Hackernoon logoAWS re:Invent 2020: AWS Community Builders Program Top Highlights by@BrianHHough

AWS re:Invent 2020: AWS Community Builders Program Top Highlights

Brian H. Hough Hacker Noon profile picture

@BrianHHoughBrian H. Hough

Brand Strategist | Designer | Web Developer | Software Engineer | 4X Global Hackathon Winner

AWS Community Builders @ re:Invent

Since becoming an AWS Community Builder on the Data, Databases & Analytics team this Fall, I have often explained the experience to friends, family, and colleagues as one of drinking water from a fire hose. I had known that cloud computing was rapidly transforming how we build, develop, and deploy software, but I did not know what this pace felt like at center of a company like Amazon Web Services.

AWS' Community Builders program is fantastic for so many reasons, but specifically in how they offer technical resources, mentorship, networking opportunities, and exclusive trainings to a global team of AWS enthusiasts, emerging thought leaders, and developers.

From learning about how to deploy AI/ML models in the cloud with SageMaker and DeepComposer, to securely encrypting and storing data in the cloud, this community continues to inspire and push each other to new heights. It might not be possible to learn everything, but we all certainly try as Community Builders 😊

Especially working from home and being remote, there's no better use of extra time than these types of "drinking water from a fire hose" experiences, such as going to AWS' re:Invent virtual conference this year. The entire programming was seamless and I was blown away but the ingenuity, precision, and organization that went into planning the conference. The AWS team and their sponsored partners have done a standout job of making the virtual experience welcoming, collaborative, and interactive — something that is quite hard to coordinate in a remote setting.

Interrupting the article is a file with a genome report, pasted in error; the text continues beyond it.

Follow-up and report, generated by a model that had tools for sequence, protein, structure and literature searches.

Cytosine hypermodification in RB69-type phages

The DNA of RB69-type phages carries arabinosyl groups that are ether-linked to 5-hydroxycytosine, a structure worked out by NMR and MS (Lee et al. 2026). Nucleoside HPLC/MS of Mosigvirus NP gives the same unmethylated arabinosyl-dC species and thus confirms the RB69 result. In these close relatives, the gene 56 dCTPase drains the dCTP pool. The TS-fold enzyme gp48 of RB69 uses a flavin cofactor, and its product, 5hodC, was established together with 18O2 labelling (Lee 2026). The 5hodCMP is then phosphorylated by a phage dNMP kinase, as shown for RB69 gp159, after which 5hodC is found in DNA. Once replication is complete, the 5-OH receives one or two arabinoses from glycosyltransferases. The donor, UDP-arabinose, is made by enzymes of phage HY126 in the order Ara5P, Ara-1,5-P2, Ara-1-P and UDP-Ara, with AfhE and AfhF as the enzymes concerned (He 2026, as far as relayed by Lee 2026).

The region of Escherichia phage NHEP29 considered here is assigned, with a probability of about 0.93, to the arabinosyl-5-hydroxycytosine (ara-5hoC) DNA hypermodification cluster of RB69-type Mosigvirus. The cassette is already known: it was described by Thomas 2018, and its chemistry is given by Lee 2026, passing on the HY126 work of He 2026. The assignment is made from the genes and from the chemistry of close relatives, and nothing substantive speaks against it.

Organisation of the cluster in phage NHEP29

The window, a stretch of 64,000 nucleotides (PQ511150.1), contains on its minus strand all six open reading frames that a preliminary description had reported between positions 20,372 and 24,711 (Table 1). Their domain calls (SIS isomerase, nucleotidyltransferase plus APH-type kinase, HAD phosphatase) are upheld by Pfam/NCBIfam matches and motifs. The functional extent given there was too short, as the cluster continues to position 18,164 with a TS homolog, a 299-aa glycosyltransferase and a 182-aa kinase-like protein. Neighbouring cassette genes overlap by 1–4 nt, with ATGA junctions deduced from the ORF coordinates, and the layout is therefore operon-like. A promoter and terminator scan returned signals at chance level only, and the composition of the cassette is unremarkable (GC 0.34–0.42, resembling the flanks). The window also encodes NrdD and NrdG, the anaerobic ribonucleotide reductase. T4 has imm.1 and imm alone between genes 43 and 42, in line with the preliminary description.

I have received so much value from the sessions I attended over the past few weeks and I wanted to share the highlights for anyone who might be interested in learning more about devops, the cloud, serverless computation, and app development.

Let me know what you think and learned about from these sessions! 👇

✅ Week One's Top Highlights

🌟 Building for the Future with AWS Databases

Shawn Bice — Vice President, Databases, AWS

Key lessons included:

  • Data is at the center of all apps, software, and systems; and because of this, companies must use data effectively and efficiently to build a foundation for future innovation.
  • With a strong data foundation, you stand the best chance to overcome the unexpected and innovate in new ways as the future continues to digitally transform.
  • Considering the transition from on-premises systems to the cloud, it used to take months to get hardware to experiment with ideas or building a monolith application couldn't be easily serviced or scaled, and infrastructure sizing mistakes could delay projects by months. Thanks to the cloud, data architectures and systems can be experimented and iterated on near instantly, at scale.

🌟  Getting Started with AWS Identity Services

Becky Weiss — Senior Principal Engineer, AWS

Key lessons included:

  • An authentication and authorization strategy should include an (1) organization that corresponds to the customer; (2) a management account that pays the bills for these accounts; and (3) identity and access management via service control policies.
  • Someone is authenticated via AWS' IAM (identity access management) service which includes two kinds of principles: IAM users and IAM roles.
  • You can get started right away with AWS' Single Sign-On solution (SSO), which will let you create a user pool directly in your AWS environment

🌟 How LEGO.com Accelerates Innovation with Serverless

Sheen Brisals — AWS Serverless Hero & Senior Engineering Manager, The LEGO Group, AWS

Key lessons included:

  • By LEGO implementing the circuit breaker pattern with AWS Step Functions, the company can manage failure message replays with state machine.